Providing World Class environmental compliance consulting
that is both cost effective and focused on client needs

POPs Plan Launched by EPA


Persistent Organic Pollutants (POPs) are a group of toxic chemicals that persist in the environment and can bioaccumulate in the food chain.  A global treaty was negotiated and the Stockholm Convention on POPs was adopted in 2001. This Convention includes several requirements to control POPs including banning or restricting the production, use, import and export of POPs and actions to reduce and/or eliminate their releases.

Requirements regarding wastes containing POPs are also defined including the duty to destroy or irreversibly transform the POP content of wastes. The POPs currently controlled under the Convention are listed below. These chemicals are found in historical pesticides, industrial oils and may be produced as unintended by-products.

  • Aldrin
  • Chlordane
  • Dieldrin
  • Endrin
  • Heptachlor
  • Mirex
  • Toxaphene
  • DDT
  • Lindane  (and Alpha and Beta hexachlorocyclohexane)
  • Chlordecone
  • Endosulfan Hexabromodiphenyl ether and heptabromodiphenyl ether
  • Tetrabromodiphenyl ether and pentabromodiphenyl ether
  • Hexabromobiphenyl
  • Perfluorooctane sulfonic acid, its salts and perfluorooctane sulfonyl fluoride
  • Pentachlorobenzene
  • Hexachlorobenzene
  • Polychlorinated biphenyls (PCBs)
  • Polybrominated dibenzo-p-dioxins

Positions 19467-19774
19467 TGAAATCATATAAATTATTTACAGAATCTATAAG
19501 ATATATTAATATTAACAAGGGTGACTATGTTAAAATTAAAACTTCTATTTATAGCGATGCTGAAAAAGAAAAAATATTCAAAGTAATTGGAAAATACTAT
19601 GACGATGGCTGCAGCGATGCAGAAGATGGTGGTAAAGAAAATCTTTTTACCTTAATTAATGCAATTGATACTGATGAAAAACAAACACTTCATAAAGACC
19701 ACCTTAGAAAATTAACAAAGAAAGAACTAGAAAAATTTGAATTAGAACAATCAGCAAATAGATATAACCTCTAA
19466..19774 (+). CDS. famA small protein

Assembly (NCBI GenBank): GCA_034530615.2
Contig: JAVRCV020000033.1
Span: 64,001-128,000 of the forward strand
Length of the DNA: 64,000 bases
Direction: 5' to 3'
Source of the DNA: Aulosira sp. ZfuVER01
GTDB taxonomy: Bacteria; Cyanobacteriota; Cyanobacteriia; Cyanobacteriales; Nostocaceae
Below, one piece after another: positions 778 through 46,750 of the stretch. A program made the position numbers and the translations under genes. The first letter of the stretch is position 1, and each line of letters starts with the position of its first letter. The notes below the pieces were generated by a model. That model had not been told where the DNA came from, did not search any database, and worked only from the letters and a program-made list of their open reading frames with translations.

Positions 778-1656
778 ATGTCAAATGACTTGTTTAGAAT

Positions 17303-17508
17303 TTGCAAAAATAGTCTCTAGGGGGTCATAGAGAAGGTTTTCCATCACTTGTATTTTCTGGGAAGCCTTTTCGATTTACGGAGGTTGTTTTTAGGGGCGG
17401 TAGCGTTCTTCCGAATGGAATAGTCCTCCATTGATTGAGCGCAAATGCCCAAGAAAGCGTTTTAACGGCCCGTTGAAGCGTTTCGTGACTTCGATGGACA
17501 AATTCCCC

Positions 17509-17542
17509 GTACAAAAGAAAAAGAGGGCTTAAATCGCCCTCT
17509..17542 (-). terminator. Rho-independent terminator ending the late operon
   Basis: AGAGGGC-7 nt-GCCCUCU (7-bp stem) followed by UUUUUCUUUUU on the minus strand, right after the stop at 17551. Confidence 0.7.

• Dibenzofurans

Since 2010 Ireland has been a party to the Stockholm Convention and is required to submit to the secretariat a National Implementation Plan in 2012.

In August 2012 the EPA issued a report titled ‘Draft National Implementation Plan for the Stockholm Convention on Persistent Organic Pollutants’.

The draft National Implementation Plan proposes a number of actions including;

  • Assessment of IPPC licences, waste licences, waste permits and activities, where appropriate, related to unintentional POP sources to facilitate the promotion of BAT.
  • Ongoing inspections and enforcement related activities concerning PCB holdings.
  • Assessment of environmental monitoring programmes to determine the need for further POPs monitoring (e.g. water and soils).
  • Raising public awareness under existing farm inspection programmes regarding POP pesticides.
  • A POPs working group to monitor and evaluate progress in implementing measures in the National Implementation Plan and Action Plan on unintentional POPs.
  • Improvement of inventories of unintentional emissions to air, land and water. 

As implementation of the Stockholm Convention is about to be ramped up in Ireland, now is a good time for industry to confirm that the above compounds are not used or produced at their facilities and not contained in waste produced by their processes.

Please call Gerard Kelly on 058-51155 if you wish to discuss POPs further.